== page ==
“It won’t solve all of our problems, but it will help some people,” Biden said, acknowledging that E15 is currently only available at a few thousand pumps. “I pledge to (do) whatever I can to help, even if it’s an extra buck or two in the pockets when they fill up.”

With a focus on rural America — even standing on a hay-covered stage to illustrate his message — Biden also touted the improvements made possible by the bipartisan infrastructure bill that will shore up structurally flawed bridges, widen the high-speed Internet access and “help connect entire cities and regions to new opportunities.”

He ended with a call for optimism, noting that America is the only nation on Earth to “emerge from every major crisis stronger than when we entered it”, and asked his audience to come out and to help “spread the faith”.

A struggle to deliver on other campaign promises that affect the daily lives of Americans

But polls have consistently shown that many Americans do not share the president’s optimism at this time and are likely to be in a punitive mood when they go to the polls in November.

While inflation and crime are their top concerns this election season, Biden continues to face frustrating challenges in other areas he pledged to address, from the escalating US crisis with drug overdose deaths to the unpredictable trajectory of the pandemic.

The president campaigned on a plan to end the opioid crisis, but the countless crises over the past year have often overshadowed that issue. On Tuesday, a sobering new study in the medical journal JAMA shows that the number of overdose deaths among adolescents doubled between 2010 and 2021. Fentanyl, a drug that is stronger and faster than natural opiates, has been implicated in over 75% of these adolescent overdose deaths. in 2021.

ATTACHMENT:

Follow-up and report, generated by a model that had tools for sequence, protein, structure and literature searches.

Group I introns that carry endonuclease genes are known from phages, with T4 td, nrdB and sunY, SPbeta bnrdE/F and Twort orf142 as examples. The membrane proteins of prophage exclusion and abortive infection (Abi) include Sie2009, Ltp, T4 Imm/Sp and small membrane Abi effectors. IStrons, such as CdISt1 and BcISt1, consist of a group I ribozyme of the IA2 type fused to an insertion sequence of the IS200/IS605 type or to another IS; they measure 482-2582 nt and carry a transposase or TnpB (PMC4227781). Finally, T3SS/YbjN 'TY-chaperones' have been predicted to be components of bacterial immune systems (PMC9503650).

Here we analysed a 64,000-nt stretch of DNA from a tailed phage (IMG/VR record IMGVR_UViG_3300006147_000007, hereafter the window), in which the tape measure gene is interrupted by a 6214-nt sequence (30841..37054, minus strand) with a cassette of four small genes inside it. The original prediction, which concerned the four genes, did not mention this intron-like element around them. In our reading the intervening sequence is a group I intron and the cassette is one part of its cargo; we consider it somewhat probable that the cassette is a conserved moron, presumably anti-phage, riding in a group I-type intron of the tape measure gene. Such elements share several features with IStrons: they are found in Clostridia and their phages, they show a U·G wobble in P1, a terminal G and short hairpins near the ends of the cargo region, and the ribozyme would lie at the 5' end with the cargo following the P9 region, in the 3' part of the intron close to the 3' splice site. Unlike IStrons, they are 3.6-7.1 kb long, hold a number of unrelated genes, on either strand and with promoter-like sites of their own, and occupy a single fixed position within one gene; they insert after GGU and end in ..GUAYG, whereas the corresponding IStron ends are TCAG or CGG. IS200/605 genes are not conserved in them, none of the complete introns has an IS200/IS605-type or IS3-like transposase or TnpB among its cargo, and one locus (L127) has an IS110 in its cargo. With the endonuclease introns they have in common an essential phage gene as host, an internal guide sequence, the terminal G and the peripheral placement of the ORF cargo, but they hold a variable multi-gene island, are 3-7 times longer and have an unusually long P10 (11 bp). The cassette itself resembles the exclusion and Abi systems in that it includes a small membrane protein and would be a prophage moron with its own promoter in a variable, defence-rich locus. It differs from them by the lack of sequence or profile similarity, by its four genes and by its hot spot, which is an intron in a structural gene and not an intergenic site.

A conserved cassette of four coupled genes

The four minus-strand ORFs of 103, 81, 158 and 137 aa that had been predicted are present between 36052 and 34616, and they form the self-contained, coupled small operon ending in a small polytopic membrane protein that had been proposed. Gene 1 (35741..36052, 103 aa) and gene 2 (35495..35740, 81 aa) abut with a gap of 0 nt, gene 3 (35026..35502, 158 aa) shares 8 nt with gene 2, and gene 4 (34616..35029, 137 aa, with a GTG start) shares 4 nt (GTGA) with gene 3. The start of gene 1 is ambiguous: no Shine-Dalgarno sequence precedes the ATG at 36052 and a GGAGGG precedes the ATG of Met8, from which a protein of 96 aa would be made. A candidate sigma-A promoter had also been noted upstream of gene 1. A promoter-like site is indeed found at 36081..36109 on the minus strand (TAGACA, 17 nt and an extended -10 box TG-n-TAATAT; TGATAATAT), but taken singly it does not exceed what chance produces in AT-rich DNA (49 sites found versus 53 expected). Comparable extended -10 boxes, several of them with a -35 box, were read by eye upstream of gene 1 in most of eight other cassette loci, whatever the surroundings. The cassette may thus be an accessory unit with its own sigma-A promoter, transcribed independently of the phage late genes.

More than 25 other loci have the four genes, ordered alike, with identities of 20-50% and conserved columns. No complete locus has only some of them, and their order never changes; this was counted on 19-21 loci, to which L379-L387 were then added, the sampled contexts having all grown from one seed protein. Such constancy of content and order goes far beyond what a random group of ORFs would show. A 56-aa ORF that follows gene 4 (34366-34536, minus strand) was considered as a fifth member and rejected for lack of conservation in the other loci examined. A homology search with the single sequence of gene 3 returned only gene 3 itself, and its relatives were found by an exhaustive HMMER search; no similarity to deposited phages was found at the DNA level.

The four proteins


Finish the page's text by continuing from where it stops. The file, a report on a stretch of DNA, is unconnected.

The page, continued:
Annual drug overdose deaths also hit a record high in the 12 months to October, with two-thirds of those deaths involving synthetic opioids like fentanyl, according to preliminary data released last month by the National Center of the United States Centers for Disease Control and Prevention. for health statistics. Shortly after, Biden called for a $3.2 billion increase in funding for National Drug Control Program agencies — which included more money to reduce the supply of illicitly used drugs like fentanyl.

The White House had also hoped the Covid-19 pandemic would be in the rearview mirror long before this point. But Biden faces a mixed picture on that front as cases rise again in 25 states, while falling in 16 and remaining stable in nine others.

Although hospitalizations are far lower than they were at the height of the crisis, the administration has had to deal with the resurgence of the virus as it spread among dozens of attendees at the recent Gridiron Club dinner, including to several members of Biden’s cabinet and the key White House. aids.
There was a glimmer of good news for the president in a new Axios-Ipsos poll that found less than one in 10 Americans now describe Covid-19 as a crisis. About 3 in 4 people called the coronavirus condition a “manageable problem”.

But those views have raised fears that more Americans may let their guard down even if the virus remains a threat. And Biden’s experience last July 4 – when he said he hoped the nation could soon celebrate independence from the pandemic – brought home the hard lesson that even amid a strong desire to turn the page, the president can always be a new variant far from being dragged into an insoluble crisis again. It remains to be seen whether voters will give Biden the credit he seeks for progress in fighting the pandemic — or how much that issue will even matter by the time the election rolls around.